Monday, December 17, 2007

The story continues....

I gave him the name of Field Marshal Jango - why? Cause he was a fighter - street fighter to be exact and could push back even the hardiest and biggest of dogs compared to his puny size. His bark and growl would easily clarify and inform the hearer that he was probably facing a bigger and fiercer dog.

Born on Feb 7, 2003 he died on died May 4, 2004. About a foot and half tall he was covered with fur - in shades of black, gold, and white. A mix breed he had 21 toes - which many considered to be very lucky (what we call in dog terms the dewy claw).

He spoke in volumes and his presence left an impact on everyone - children to adults and animals. The day he died was an eventful day, we took him to the doctor for he had not been eating for two days now. He had a lump in his throat, his lymph nodes had become swollen.

The doctor gave him a couple of injections, and glucose and gave us instructions on what he could and could not eat, we had already given Chinoo's urine sample for tests. We went back home, got his lunch ready, he ate just a little and seemed lost, my sister put it. He kept walking into the kitchen and would sniff the place and curl himself up and sit down. (He was the first born of Jack (my dog) and Sonia (my sister's dog). He had been born in the kitchen of my sister's house that had been under renovation during that period.) I stepped out to go to work, it seemed that the day would be as any other normal day, but before 4.00 pm in the evening I got a call saying that Chinoo was not breathing. My sister called the doctor, but the attempt to revive him was futile, she tried to resuscitation -it did not work. He was asleep - forever. My sister became inconsolable, she tried but it seemed as if she could ever stop her tears again-ever.

It changed her completely (and she has never been the same old sister – somewhere lurking in her is a bitterness that I have never been able to fathom, even today) it was as if he had been the missing child in her life and now he was gone.

I called back and asked her to wait for I wanted to go together for the funeral. I had in fact just bought a camera, to take his pictures and of my dog Jack - his father while was not meant to be, it seemed. We called the SPCA and asked them how to go about the funeral arrangements, they called us to Lower Parel, a two hours drive from our place. They would keep him on ice till morning and then consign him to flames the next morning, as everything was shut at that moment, it being a Saturday. It seemed as if his death would tear our hearts out (writing this down still brings tears to my eyes and makes my heart heavy, that how was it possible that we could do nothing for him).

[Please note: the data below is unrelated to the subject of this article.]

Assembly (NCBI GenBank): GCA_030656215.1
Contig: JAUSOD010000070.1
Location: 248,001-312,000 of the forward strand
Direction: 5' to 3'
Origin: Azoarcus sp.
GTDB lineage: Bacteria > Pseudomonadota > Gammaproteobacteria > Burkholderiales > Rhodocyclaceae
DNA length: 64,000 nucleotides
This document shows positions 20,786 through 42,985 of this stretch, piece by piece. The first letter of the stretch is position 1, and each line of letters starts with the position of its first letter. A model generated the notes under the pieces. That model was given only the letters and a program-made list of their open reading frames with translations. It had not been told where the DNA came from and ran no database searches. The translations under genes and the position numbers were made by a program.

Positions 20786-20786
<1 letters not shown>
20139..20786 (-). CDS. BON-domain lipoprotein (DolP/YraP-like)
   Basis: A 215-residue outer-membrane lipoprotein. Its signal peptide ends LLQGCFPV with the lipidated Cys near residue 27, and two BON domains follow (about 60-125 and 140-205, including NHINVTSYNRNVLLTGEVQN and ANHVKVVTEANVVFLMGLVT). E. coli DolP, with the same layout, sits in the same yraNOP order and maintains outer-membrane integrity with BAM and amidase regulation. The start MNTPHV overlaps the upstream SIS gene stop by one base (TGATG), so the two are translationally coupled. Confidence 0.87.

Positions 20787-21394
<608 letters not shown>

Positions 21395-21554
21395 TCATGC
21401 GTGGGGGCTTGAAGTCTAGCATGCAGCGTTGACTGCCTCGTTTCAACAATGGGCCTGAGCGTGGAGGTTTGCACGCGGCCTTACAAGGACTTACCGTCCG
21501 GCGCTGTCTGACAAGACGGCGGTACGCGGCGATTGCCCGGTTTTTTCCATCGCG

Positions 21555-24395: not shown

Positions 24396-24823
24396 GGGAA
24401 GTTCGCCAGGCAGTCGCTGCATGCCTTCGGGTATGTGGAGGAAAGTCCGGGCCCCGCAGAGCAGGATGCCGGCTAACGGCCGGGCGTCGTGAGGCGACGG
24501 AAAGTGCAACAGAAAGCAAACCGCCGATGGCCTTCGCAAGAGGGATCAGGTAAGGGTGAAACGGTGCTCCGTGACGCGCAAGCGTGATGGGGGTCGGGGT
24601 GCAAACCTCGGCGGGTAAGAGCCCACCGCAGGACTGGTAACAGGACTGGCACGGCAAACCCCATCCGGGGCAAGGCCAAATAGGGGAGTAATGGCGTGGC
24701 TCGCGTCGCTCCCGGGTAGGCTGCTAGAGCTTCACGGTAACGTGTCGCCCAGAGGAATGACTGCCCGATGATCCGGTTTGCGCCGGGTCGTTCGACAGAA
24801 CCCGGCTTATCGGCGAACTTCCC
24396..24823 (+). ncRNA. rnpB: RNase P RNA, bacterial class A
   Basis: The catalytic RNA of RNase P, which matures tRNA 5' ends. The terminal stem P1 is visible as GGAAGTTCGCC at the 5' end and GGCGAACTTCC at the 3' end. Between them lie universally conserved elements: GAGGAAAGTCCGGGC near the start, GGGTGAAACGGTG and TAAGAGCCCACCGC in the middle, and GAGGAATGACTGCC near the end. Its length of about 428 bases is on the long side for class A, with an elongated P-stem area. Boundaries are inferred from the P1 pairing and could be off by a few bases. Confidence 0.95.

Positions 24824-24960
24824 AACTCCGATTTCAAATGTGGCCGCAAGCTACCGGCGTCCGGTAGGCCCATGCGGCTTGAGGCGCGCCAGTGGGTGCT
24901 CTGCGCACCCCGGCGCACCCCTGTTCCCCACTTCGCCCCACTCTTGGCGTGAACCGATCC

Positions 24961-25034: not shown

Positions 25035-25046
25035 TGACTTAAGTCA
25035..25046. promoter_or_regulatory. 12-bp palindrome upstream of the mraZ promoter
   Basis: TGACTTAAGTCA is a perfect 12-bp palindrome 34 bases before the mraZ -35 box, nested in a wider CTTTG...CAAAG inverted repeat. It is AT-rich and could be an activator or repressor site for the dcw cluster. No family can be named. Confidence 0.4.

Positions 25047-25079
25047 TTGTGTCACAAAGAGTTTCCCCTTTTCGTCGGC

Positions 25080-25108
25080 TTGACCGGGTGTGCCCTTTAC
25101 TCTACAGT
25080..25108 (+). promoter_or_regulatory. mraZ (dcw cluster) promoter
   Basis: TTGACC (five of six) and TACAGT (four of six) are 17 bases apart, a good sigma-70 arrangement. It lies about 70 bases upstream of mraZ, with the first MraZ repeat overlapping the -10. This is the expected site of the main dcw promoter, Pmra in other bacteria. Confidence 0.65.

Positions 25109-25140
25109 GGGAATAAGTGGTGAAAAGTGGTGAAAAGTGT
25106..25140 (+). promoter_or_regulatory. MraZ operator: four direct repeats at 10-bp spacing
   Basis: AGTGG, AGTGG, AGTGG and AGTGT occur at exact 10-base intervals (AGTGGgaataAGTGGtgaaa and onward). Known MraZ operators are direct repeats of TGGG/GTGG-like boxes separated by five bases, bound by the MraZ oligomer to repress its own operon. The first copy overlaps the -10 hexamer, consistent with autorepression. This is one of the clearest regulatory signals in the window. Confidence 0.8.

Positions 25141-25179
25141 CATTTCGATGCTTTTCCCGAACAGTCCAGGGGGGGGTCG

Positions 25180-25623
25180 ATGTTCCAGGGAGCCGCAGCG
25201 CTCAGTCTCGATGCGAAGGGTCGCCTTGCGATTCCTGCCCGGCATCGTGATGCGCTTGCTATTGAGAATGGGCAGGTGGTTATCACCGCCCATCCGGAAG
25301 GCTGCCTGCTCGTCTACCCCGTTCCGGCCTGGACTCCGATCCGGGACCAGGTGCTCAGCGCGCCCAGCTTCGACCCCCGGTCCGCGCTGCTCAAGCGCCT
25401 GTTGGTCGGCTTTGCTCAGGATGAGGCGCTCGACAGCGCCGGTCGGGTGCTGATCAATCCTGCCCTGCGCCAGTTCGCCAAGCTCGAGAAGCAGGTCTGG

We called the doctor again, he said there was a burial ground in Goregaon for pets, but that closed at 5.30 pm in the evening and it was already six. We wrapped him in a bed sheet and some white cloth and carried him on my lap till electric funeral parlour in Borivali, 20 min from our homes. We, me, my sister accompanied by her husband three nephews, quiet and helpful they stood by us through the entire thing. God bless them. At the funeral parlour they told us, they did not have the permission to give final rites to animals. But they were kind enough to direct us to the shamshan bhumi (open funeral ground) at Dahisar to try our luck (you call that luck???). We moved on and here we have to thank the people at this place for they were helpful in giving Chinoo, the funeral rites of a human-he was consigned to the flames by proper Hindu customs.

By this time it was 7.30, but we stood vigilant by his pyre, the un-named person told us to leave -very kindly and to come back the next day to collect his ashes, which he promised he would keep safe, bound in a cloth...for it would take many hours for the ashes to cool.

We all trudged back home, tired and world weary. Everyone lost in their personnel thoughts about what had happened, none could say anything to each other, but all my sister kept saying…she could not save him, he was all that she had to love. We reached home by 8.30, paid the rickshaw driver a good sum, for he had been kind to take us to all the places till we found the place where we could lay to rest our family pet Chinoo.

It was at this moment I called the doctor to enquire what had Chinoo's urine report contain. He said, "His liver was completely infected, no matter what we would have done, we would have still lost him."

May 5

The next day, my sister left at 6.30 for the bhumi and collected Chinoo's ashes, which we buried in my mother’s garden at our home. It was a way that he would always remain with us. I also got an evergreen tree planted over the ashes. His clothes - towels, sheets; bowls everything was given away or consigned into the sea. For that is the Hindu tradition, when a person dies his belongings are given away to the needy, except for pictures nothing is kept back. It seems cruel for someone whom we loved so much, we have to remove every sign of his existence in what had been his home.

I started writing his story - it seems - long ago around eight months after his death, and I continue it now...


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